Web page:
Third, give them an idea of what you want them to get out of an assignment... or at least drop a line to the librarians so that we know. These vague assignments like "Oh, read a biography" or "Read something from an African American author" are overwhelming because of the number of choices they present without any guidance about what the educational value is supposed to be.
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chickadilly From: chickadilly Date: July 7th, 2006 04:28 am (UTC) (Link)

I have been eaten alive and am just too tired to rant.

Evil, nasty things!
fernwithy From: fernwithy Date: July 7th, 2006 04:35 am (UTC) (Link)
Evil, nasty things sums it up. Miserable little flying vampires.

I'm allergic to the little buggers, and bites swell up into inch-and-a-half wide welts, raised about a quarter of an inch. When I broke my ankle, I had several of these bites on my shin, and the doctors wanted to know how badly I'd hurt the rest of the leg to get those bruises! They were a bit skeptical when I said they were just mosquito bites.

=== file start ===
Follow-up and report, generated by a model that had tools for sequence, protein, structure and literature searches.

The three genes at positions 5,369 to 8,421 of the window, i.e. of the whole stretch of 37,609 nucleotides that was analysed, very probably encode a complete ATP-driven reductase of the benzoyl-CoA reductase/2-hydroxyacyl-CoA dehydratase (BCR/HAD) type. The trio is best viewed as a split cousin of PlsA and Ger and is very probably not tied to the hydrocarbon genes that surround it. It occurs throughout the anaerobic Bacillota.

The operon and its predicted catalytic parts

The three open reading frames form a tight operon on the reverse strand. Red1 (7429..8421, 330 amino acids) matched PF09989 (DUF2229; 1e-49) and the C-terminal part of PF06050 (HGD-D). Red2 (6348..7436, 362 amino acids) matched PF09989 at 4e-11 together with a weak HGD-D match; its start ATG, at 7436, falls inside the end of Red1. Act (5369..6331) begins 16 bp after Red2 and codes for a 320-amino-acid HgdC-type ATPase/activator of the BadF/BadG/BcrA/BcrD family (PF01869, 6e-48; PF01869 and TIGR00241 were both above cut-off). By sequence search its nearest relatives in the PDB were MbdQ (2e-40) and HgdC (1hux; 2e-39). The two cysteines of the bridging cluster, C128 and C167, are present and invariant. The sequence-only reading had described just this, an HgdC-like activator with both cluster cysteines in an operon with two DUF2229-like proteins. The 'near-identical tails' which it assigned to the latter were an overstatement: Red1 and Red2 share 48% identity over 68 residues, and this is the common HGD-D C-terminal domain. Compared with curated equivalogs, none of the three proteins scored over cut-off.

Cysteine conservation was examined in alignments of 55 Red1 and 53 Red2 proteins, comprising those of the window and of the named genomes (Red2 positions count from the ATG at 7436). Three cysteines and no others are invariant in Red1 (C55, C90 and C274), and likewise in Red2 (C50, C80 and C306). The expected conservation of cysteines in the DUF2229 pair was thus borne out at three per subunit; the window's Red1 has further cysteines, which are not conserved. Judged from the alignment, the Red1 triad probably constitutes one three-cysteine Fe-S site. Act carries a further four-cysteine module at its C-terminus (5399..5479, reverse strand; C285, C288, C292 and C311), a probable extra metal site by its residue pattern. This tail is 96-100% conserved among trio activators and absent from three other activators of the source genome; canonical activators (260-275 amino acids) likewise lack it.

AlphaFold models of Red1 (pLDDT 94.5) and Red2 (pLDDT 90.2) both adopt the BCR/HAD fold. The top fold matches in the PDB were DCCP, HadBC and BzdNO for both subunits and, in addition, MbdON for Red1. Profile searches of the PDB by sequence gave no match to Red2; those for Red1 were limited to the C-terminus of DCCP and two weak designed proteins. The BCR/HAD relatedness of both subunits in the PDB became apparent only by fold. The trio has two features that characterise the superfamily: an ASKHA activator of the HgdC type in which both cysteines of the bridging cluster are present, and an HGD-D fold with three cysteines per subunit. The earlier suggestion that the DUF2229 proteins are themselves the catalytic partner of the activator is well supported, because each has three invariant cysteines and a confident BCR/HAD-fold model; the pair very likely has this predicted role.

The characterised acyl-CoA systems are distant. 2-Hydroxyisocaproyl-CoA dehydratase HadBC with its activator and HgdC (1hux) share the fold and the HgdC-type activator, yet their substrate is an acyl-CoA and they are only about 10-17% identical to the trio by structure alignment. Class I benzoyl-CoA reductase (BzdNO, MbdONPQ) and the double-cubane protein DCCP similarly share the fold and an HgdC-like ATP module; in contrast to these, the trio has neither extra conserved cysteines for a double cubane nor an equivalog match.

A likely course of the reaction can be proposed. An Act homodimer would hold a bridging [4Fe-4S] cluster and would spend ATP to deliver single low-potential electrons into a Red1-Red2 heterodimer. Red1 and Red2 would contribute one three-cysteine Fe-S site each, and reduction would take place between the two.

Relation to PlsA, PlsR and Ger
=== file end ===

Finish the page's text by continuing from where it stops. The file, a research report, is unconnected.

purple_ladybug1 From: purple_ladybug1 Date: July 7th, 2006 04:36 am (UTC) (Link)
No thanks, although I'll enjoy reading your responses to others.

My mom told me about this site, lulu.com, which is a self-publishing site. I haven't read any of your original stuff, only your fanfic, but you're so talented, I thought you might be interested in this.
fernwithy From: fernwithy Date: July 7th, 2006 04:40 am (UTC) (Link)